Yale has Sorted it Out
Written by Kylee Chang (MEM’19)
I am Kylee Chang, a second-year MEM candidate expecting to graduate in May. At F&ES, I am studying industrial ecology and business and the environment. This year, I have learned immensely from my collaboration with both F&ES and SOM students on participating in the Kellogg-Morgan Stanley Sustainable Investing Challenge.
Since 2010, Northwestern University Kellogg School of Management and Morgan Stanley Institute for Sustainable Investing have been inviting graduate students from around the world to create innovative financial instruments that address critical social and environmental issues. This year’s competition received the most applicants yet: from 109 teams across 80 graduate schools in 50 countries. My team was chosen as one of the top 12 teams to fly to Hong Kong and present our idea to various impact-focused investors and Morgan Stanley’s clients.
Two years ago, I came to F&ES with a goal to communicate climate change to a broad audience, including policymakers and business people who are investing in more sustainable ideas. Therefore, as soon as I heard about the Kellogg-Morgan Stanley Sustainable Investing Challenge, I decided to participate in it and found a diverse team of four from F&ES and SOM, including Aaron Feng (MEM’20), Sonya Shen (MBA’20), and Clive Ye (MBA’19).
When my team was brainstorming ideas, I proposed to focus our investment prospectus on turning waste into a resource. We started conducting research and discovered that China’s Waste Ban was dramatically shifting the global recycling industry. Starting in early 2018, China banned the import of foreign waste to focus on its own recycling challenges. Prior to 2018, large amounts of recyclable material in China were imported from the U.S., Japan, and other developed countries. In China, the domestic recycling rate was only 48%. The policy change brought tremendous opportunities but we realized the industry was constrained due to a major bottleneck – sorting centers (supply chain figure below). My team was determined to propose a proven financial instrument – supply chain finance – to address the issue.
We started designing a fund aimed to release the bottleneck by providing loans to sorting centers that were capital constrained. We researched different types of investors, market rates and risks by reaching out to investors and professors both at F&ES and SOM. We received mentorship from professors, such as Dan Gross who teaches Renewable Energy Project Finance and helped us develop a tiered risk profile for different entrants for the fund. Kellogg and Morgan Stanley connected us with practitioners, such as Jason Mitchell, Co-Head of Responsible Investment at the Man Group in London, who helped us identify each investors’ concessionary to market return profiles. We also interviewed experts in waste management in China, industrial ecology, and environmental impact. The true work was when my team synthesized this knowledge into our final prospectus – the Sort It Out Recycling Fund.
Months of refining our prospectus were only the beginning. Julie Vance, one of the most helpful resources at F&ES, provided us multiple training sessions, teaching us how to present our ideas clearly and concisely. I realized in the startup and investment world, communicating ideas in a simple and digestible way is the most important skill. I have honed my presentation and public speaking skills in a way that classes could not prepare me for by participating in a high-stakes case competition like this.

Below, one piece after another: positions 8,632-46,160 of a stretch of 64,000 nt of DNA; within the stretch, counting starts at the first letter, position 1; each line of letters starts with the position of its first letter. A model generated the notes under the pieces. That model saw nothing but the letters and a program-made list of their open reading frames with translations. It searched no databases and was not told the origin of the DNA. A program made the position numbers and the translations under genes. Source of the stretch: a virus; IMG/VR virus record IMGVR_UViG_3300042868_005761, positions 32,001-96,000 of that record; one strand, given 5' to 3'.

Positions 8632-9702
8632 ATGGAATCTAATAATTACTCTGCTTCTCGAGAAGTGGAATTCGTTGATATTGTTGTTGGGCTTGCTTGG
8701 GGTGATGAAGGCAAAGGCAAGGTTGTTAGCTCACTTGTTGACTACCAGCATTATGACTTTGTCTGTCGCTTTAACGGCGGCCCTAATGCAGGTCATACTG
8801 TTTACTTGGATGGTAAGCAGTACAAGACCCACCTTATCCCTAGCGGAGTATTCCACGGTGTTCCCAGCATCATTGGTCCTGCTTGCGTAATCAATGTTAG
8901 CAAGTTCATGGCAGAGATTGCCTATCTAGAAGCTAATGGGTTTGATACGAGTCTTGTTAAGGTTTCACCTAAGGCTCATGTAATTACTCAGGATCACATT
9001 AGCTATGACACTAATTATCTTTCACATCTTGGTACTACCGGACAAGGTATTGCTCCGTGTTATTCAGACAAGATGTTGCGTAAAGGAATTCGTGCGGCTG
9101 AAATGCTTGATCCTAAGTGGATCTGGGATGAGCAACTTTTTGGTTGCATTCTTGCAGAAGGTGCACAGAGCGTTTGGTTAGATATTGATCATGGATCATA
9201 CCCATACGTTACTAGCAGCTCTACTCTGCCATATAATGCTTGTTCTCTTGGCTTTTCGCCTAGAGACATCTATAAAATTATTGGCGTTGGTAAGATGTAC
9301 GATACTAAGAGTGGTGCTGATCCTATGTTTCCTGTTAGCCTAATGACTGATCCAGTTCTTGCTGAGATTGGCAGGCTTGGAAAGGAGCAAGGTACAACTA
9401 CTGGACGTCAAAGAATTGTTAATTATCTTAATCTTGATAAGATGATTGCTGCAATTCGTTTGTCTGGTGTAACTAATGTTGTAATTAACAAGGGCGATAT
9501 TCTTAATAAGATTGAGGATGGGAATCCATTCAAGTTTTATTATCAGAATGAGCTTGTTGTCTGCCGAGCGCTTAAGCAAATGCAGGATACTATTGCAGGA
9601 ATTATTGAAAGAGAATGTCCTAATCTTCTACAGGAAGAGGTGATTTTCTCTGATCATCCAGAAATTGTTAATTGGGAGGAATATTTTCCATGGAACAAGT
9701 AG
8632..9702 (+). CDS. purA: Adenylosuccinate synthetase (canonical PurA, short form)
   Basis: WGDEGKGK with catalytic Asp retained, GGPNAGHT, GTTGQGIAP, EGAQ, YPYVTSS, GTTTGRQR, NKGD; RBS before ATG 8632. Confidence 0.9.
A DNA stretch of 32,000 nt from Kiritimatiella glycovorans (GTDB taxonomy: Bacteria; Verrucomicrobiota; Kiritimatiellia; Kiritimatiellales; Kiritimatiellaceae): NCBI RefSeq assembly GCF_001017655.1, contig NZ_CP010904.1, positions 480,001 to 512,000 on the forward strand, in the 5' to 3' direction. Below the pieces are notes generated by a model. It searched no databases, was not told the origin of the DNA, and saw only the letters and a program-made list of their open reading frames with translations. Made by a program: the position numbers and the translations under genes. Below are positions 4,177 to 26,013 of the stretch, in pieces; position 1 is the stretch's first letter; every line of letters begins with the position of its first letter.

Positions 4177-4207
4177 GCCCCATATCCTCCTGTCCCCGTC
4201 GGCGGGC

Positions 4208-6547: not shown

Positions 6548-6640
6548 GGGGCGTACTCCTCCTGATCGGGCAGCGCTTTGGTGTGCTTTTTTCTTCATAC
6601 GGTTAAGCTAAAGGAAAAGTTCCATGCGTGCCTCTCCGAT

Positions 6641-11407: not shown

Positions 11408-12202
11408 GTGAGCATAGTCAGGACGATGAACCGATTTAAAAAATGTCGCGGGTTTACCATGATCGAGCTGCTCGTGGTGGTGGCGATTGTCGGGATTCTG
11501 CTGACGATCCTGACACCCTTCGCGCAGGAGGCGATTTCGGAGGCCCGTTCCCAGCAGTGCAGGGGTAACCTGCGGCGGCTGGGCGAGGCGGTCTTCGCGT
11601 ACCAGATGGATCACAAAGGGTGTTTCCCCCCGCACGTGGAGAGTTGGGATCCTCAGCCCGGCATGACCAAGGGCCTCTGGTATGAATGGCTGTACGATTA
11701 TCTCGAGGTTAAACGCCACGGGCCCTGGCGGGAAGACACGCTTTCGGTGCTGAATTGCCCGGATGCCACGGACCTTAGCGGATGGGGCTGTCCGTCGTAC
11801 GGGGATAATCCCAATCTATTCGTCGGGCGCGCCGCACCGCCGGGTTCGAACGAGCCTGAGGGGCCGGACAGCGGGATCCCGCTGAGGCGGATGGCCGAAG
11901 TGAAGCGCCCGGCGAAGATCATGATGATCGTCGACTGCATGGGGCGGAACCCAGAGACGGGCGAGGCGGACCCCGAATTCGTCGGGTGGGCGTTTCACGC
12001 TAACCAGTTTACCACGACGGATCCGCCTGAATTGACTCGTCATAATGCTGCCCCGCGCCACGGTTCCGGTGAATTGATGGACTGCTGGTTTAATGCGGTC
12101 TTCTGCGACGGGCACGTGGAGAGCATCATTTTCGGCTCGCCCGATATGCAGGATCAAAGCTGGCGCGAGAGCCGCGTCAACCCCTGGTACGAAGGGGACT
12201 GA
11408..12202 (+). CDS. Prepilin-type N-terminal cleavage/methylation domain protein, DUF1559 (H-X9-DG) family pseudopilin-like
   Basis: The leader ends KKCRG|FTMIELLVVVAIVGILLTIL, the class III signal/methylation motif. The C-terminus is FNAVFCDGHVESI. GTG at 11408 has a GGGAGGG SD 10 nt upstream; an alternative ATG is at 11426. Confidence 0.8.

Finally, the day of the competition arrived. At the Morgan Stanley office in Hong Kong, we met graduate students from all over the world from Chicago Booth School of Business to ESADE Business School in Barcelona to Singapore Management University. We also met over 50 investors and fund managers from The Rockefeller Foundation, the Asian Development Bank, and many more. The whole day was centered around impact investing and I was excited to be part of a community that was passionate about using finance to create environmental and social good.
That day, we gave our pitch to investors and other participating teams. Even though we were jetlagged from a 12-hour time change from New Haven to Hong Kong, we were ecstatic to present our fund that we had spent months of hard work on. During lunch, we waited to hear the results from the judges. Mid-bite into my Peking duck wrap, it was announced that my team had made it to the final four! Later that afternoon, we presented our pitch again in front of over 50 investors. In the final round, we received tough questions both around impact and financial returns. The final round showed us the rigor expected for the financial tools in this competition. Ultimately, we did not win the first place. We were deeply impressed with the hard work from winning team from Kellogg School of Management, who had already launched the first round of their fund.
Despite not winning, there were many invaluable lessons learned. Impacting investing requires the proper due diligence to prove real impact is generated while simultaneously meeting financial expectations for investors. My team was able to make it to the final four because we took an interdisciplinary approach to find a solution. We had diverse backgrounds and had different approaches and different solutions. Sharing our perspectives and listening to each other was necessary for us to reach the best solution. Coming out of this competition, I now have a finer eye for designing financial tools for impact. Additionally, participating in a global challenge gave me a broader perspective of international issues. I gained a deeper understanding of China and how it plays a role in the global economy. With graduation around the corner and as I move into my career, I know that I can rely on a global network of investors and students enthusiastic about using finance to make the world a better place.